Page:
The hype around blockchain has been growing each passing day, but the actual noteworthy or funded applications are few. While the technology has started to mature in the past year with diverse use-cases, everyone is still talking about what blockchain is, rather than seeing what it can do.
The industry leaders want to use blockchain to build a trusted platform, entrepreneurs are thinking of ways to increase business efficiency through blockchain, and the government is testing blockchain platforms to bring transparency in governance. However, in reality, the true potential of blockchain technology has not yet been unleashed.
This 2018 cartoon may be a couple of years old, but oddly it still fits the context in 2020.
According to a Gartner report, in 2020, blockchain is expected to leave small-scale proof of concept projects behind, and make its way into the operational structure of multinational enterprises. The research firm said economies will begin to witness practical applications and use cases in payments, data sharing, supply chain, contracts, tracking and equity trading and more. Blockchain will be fully scalable by 2023, Gartner said.
Industry stakeholders are working towards pushing the technology forward. One such is the World Economic Forum’s Centre for the Fourth Industrial Revolution. It’s building a governance framework for smart contract interoperability between blockchain and non-blockchain systems. This, in a way, will allow the technology to scale faster and be product-ready quickly.
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Blockchain Graph Of The Week:
When it comes to spending on blockchain technology by enterprises across industries like logistics, retail and manufacturing, a majority of the companies in the logistics space are spending more. This shows that the manufacturing and retail industry do not think blockchain technology is as viable for their sectors.
Blockchain News Of The Week:
The US To Use Blockchain For Elections Soon
The state of Virginia in the US is looking to use blockchain to improve its elections and voting systems. Currently, the state is evaluating the costs and benefits of using blockchain technology over the traditional registration and election security measures. It is consulting the blockchain experts and developers to make recommendations on the possibilities of this technology in the voting system.
West Virginia was the first state to offer blockchain-based mobile voting in a US federal election. In 2018, West Virginia completed the first government-run, blockchain-supported vote in the US, followed by Denver in Colorado, Utah County in Utah and other cities.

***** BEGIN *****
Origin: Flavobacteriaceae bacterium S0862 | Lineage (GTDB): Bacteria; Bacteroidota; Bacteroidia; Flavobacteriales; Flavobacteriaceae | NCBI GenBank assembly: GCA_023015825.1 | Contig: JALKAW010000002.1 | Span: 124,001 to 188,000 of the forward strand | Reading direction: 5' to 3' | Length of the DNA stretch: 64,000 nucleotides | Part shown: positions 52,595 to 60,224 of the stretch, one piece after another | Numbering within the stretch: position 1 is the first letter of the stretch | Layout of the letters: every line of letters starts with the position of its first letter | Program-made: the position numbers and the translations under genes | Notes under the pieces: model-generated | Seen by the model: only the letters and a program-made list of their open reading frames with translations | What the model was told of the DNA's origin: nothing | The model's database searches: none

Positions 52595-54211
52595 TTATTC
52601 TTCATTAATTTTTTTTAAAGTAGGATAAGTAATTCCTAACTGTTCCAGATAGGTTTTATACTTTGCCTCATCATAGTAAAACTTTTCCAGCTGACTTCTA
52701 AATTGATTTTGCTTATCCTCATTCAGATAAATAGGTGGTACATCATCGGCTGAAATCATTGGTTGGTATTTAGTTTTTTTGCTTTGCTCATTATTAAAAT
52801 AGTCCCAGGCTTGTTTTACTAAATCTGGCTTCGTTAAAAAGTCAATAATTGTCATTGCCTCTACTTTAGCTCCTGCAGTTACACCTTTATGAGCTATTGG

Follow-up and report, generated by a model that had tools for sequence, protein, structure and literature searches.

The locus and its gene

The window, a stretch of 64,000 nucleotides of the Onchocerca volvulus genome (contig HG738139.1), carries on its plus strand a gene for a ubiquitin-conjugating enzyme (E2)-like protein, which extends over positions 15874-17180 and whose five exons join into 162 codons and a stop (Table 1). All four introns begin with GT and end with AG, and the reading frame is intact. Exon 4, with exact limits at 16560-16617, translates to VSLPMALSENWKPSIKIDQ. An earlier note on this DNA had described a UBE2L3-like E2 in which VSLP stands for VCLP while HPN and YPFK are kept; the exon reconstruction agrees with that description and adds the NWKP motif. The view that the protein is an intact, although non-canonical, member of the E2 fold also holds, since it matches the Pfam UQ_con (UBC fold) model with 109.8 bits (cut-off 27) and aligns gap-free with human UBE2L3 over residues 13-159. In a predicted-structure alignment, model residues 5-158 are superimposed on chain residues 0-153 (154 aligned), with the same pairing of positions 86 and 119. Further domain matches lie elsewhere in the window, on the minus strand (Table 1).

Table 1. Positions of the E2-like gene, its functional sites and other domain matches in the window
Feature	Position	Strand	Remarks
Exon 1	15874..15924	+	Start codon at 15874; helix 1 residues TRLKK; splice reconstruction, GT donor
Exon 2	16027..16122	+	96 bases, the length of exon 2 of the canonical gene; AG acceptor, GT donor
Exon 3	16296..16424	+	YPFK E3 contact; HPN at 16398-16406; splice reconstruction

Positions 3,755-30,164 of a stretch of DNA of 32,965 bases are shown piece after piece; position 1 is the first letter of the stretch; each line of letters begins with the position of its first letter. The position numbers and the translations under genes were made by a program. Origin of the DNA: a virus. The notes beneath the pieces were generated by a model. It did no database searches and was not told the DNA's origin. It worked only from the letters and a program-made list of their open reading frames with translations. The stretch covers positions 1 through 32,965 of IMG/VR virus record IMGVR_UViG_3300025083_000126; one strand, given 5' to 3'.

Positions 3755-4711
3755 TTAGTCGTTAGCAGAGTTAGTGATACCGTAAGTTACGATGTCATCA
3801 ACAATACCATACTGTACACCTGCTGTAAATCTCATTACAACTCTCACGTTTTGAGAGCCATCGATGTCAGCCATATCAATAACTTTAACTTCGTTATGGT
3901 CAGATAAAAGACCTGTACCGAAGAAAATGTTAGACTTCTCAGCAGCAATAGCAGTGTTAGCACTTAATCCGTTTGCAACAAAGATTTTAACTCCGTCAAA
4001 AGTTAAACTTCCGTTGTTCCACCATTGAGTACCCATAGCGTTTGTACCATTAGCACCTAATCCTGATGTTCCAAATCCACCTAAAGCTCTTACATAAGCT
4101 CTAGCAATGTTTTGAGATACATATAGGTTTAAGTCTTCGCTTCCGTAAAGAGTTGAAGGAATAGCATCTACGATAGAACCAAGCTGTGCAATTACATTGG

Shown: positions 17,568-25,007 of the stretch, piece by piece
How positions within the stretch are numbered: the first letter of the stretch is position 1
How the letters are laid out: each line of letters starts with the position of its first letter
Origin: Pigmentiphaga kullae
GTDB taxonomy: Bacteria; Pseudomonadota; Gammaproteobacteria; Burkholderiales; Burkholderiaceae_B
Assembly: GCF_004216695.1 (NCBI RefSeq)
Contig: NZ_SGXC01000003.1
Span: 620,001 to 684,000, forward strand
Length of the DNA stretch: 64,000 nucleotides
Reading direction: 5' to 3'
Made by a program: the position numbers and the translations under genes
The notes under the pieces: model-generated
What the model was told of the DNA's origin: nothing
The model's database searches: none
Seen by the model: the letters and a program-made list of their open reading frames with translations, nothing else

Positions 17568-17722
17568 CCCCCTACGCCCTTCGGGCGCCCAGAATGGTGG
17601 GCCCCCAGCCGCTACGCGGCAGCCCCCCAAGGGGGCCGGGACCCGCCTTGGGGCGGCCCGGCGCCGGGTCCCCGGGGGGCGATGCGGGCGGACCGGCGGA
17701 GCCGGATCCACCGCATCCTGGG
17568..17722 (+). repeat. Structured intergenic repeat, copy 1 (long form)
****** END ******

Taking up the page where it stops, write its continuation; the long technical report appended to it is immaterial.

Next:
Blockchain To Brew Better Supply Chain For Coffee Industry
Tech giant IBM recently announced a blockchain-powered platform for coffee bean growers looking to track their product on its “Distributed Ledger Technology’ platform. With this, the company looks to trace back the origin of the produce to check the quality of the coffee beans.
The app is called “Thank My Farmer,” which is planned to roll out in March across countries. The applications involve the entire coffee ecosystem that includes farmers, traders, roasters, manufacturers and distributors to track the raw material, make the transaction and maintain transparency across various stages of the supply chain.
IoTeX’s Blockchain IoT Security Platform Debuts At CES 2020
Deeptech startup IoTeX unveiled its Ucam device, a home security camera that is built around the blockchain platform. The camera in question is not made by IoTex, but it works with other IoT and hardware manufacturing companies to make private and secure IoT devices. IoTeX’s product won the CES 2020 award in the cybersecurity and personal privacy category.
In this case, footage captured on Ucam will be viewable through a mobile app and that app will hold the private key for everything recorded by the camera. The only way to view the videos is through the specific instance of the app running on the phone, so even if videos are backed up to the cloud, the cloud service provider won’t be able to view it.
Bringing Food To Blockchain
At CES 2020 in Las Vegas, award-winning celebrity chef Aarón Sánchez and IBM collaborated to create a vision of a blockchain-based food chain.
IBM’s Food Trust project, which uses blockchain to track the supply of food from source to home. Farmers can track all produce by scanning them using simple electronic tools such as smartphones, without expensive equipment involved. This allows end-users to verify the source of produce when using them and trace it back to the farmers involved.
“Blockchain allows you to have a direct connection and a conversation through technology,” Sánchez was quoted as saying. The chef served food prepared with ingredients tracked by the Food Trust project at CES.